‘I knew this could be my whole career,’ Olsen testifies
After he shot Shonto Pete in the head on a February night in Peaceful Valley, suspended Spokane police Officer Jay Olsen said, he felt his life imploding.
He didn’t call 911 or for police backup. He thought about his career as 15 minutes ticked by just before 4 a.m. Feb. 26, 2007.
He knew he’d violated police rules by getting drunk in a bar while carrying a concealed weapon. He feared his new police chief, Anne Kirkpatrick, who’d told officers during her first months on the job that she’d fire anyone who lied to her.
“I knew this could be my whole career,” Olsen told a Spokane County Superior Court jury Wednesday.
“I knew there was going to be a big investigation, and I knew where I just came from. Dempsey’s is a gay bar, and that was where I was at,” Olsen said.
Olsen described himself as a closeted gay man who hadn’t shared his secret with his police co-workers and only came out to his family – including his police sergeant brother, Eric Olsen – two days ago.
“I’ve had this secret in my department for 16 years. … I’m trying to get control on all of this,” Olsen added.
Olsen said he deliberately ignored one of the first officers who responded to the shooting, Spokane police Sgt. Joel Fertakis, because he’d given Olsen lukewarm performance reviews and had made anti-gay comments within the Police Department.
“The worst person in the world was in that car,” Olsen said, describing his reaction when he saw Fertakis’ unmarked police vehicle on West Main Avenue. After walking past Fertakis, he placed a cell phone call to Mel Champagne, a Spokane lawyer and family friend.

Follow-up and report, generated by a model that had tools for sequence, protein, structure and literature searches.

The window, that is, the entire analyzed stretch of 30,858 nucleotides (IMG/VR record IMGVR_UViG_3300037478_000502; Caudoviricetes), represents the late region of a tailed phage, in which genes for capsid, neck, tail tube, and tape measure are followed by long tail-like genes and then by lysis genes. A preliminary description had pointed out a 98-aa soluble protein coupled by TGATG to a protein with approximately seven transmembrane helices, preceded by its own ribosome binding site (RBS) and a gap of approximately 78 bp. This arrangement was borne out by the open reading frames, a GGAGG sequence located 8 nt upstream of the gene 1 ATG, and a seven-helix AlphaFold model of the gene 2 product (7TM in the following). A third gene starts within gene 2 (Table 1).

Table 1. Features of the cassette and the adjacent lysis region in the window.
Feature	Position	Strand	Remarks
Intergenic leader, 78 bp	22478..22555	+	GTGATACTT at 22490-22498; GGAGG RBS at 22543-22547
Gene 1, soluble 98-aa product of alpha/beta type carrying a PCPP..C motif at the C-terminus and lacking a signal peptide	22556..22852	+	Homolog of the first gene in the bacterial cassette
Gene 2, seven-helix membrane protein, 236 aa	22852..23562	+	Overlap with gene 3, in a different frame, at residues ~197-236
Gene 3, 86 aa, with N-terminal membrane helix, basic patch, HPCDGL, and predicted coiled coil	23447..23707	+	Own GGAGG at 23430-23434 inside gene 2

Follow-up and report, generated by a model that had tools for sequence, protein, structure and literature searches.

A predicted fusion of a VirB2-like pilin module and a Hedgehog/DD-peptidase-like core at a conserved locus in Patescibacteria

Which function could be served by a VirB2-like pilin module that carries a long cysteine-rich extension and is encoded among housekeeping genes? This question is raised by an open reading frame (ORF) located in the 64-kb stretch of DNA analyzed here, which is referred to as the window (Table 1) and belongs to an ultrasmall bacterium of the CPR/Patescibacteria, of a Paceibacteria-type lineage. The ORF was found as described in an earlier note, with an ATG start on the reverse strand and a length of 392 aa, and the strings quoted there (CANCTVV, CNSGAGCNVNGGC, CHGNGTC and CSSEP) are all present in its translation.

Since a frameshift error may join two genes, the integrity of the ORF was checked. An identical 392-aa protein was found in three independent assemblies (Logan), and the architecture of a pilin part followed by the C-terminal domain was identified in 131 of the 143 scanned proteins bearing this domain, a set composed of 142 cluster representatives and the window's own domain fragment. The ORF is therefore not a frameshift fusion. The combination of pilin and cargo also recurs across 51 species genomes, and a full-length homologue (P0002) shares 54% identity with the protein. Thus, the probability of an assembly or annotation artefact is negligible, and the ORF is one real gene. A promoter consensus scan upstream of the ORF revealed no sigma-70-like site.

The jury heard Champagne’s name, but Superior Court Judge Jerome Leveque has not allowed the attorneys to tell jurors he’s a lawyer.
Olsen accused Pete of stealing his truck that night after the bars closed downtown, but Pete was acquitted of theft charges by another jury in October 2007.
Under questioning from his lawyer, Rob Cossey, Olsen said he and his friend Renee Main were on “overload” and she was hysterical after they watched Pete take Olsen’s truck on Lincoln Street as they sat in Main’s sedan. He said they pursued the truck onto West Riverside, where Pete jumped out and Olsen followed him on foot.
“Did you call for backup or 911?” Cossey asked.
“I did not. … In hindsight, I should have,” Olsen replied.
Pete has given a different story in Olsen’s trial on first-degree assault and reckless endangerment charges. Pete testified that he and Olsen exchanged insults after Pete approached Main’s car and asked for a ride home on the cold winter night. Pete said Olsen began to give chase in his truck as he walked away.
Both men were drunk at the time, according to court documents.
Olsen gave his version of what happened on the steep bluff above Peaceful Valley after he and a fleeing Pete jumped a guardrail on Riverside Ave.
“I continued down the embankment. It was very slick. That’s where he first turned on me,” Olsen said, saying Pete swung his hand threateningly.